Segway stumbled a bit after it launched in 2001 despite the glowing predictions about how the two-wheeled self-balancing scooter would redesign entire cities. We thought the Jetsons had finally arrived, and then a few towns worried that rolling commuters might plow over small children, so banned the devices.
But Dean Kamen‘s idea was audacious genius, akin to inventing the wheel, so today we’re digging Segway’s move into the green zone — with fat-tired versions for golfing and the new Segway Social microsite by design shop Plaid. To be honest, we were pitched this site launch by Plaid, and find that PR behavior despicable, except for (a) Plaid does genius work and (b) the site is really cool.
Yeah, yeah, the site has social media angles, like joining an X2 Roaders group to go through dirt trails in New Hampshire. But the coolest bits are the pricing models. As our economy enters a recessionary black hole, it’s gonna take some motivation to get us to shell out big bucks for a discretionary roller-thingy.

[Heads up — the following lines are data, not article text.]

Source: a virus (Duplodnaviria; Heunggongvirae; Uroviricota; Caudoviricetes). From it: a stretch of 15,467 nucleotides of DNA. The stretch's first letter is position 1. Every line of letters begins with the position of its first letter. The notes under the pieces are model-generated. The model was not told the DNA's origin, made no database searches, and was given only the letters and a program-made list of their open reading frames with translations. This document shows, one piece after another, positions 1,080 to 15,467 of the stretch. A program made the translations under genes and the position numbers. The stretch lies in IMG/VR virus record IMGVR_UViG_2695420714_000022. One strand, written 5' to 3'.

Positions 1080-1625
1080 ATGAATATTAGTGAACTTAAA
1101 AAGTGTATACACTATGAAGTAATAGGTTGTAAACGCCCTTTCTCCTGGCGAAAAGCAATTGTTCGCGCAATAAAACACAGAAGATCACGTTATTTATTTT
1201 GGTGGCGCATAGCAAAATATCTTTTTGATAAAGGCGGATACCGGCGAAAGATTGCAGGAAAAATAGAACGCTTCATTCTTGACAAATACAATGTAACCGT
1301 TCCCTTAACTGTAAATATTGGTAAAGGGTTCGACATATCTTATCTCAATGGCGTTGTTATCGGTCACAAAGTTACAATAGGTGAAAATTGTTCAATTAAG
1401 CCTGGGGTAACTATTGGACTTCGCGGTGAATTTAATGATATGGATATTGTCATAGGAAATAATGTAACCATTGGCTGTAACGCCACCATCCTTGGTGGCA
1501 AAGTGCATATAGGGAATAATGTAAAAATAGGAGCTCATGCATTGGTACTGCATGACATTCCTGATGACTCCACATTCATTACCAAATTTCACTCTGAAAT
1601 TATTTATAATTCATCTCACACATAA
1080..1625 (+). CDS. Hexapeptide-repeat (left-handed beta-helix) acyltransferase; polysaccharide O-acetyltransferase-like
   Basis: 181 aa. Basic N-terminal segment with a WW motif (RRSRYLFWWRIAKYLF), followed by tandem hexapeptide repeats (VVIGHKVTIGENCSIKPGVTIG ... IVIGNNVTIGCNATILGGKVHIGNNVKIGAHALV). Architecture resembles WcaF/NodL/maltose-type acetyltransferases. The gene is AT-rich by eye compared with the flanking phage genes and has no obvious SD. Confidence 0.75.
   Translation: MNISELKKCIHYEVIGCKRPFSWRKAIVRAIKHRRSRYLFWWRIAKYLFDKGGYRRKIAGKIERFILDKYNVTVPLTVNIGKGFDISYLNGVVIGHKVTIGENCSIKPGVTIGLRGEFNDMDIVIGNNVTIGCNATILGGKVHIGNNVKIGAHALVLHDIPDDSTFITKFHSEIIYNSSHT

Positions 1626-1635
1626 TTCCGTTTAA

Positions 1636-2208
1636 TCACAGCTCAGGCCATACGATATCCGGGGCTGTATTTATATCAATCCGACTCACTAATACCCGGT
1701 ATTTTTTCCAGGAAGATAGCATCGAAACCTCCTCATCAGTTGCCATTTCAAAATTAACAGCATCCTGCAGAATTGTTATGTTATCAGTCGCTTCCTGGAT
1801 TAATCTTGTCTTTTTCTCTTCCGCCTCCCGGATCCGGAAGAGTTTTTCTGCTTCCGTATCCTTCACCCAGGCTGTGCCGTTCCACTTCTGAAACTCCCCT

Consider how these clever Segway savings models might help reframe product prices at your business:
1. A daily coffee habit estimator, which shows you how much cash you’d free up if you stopped drinking fancy caffeine.
2. A cheerful gas cost/mileage/commute device, where we learned we spend $19.58 on fuel and emit 91.33 pounds in carbon every day.
So. The pro is we now know we’re environmental pigs, feel extremely guilty, and would consider buying a Segway if it could handle our 40-mile daily commute with a good heater for winter. The con is now we know we spend $1,733.75 for coffee each year — so we can’t really afford to go anywhere.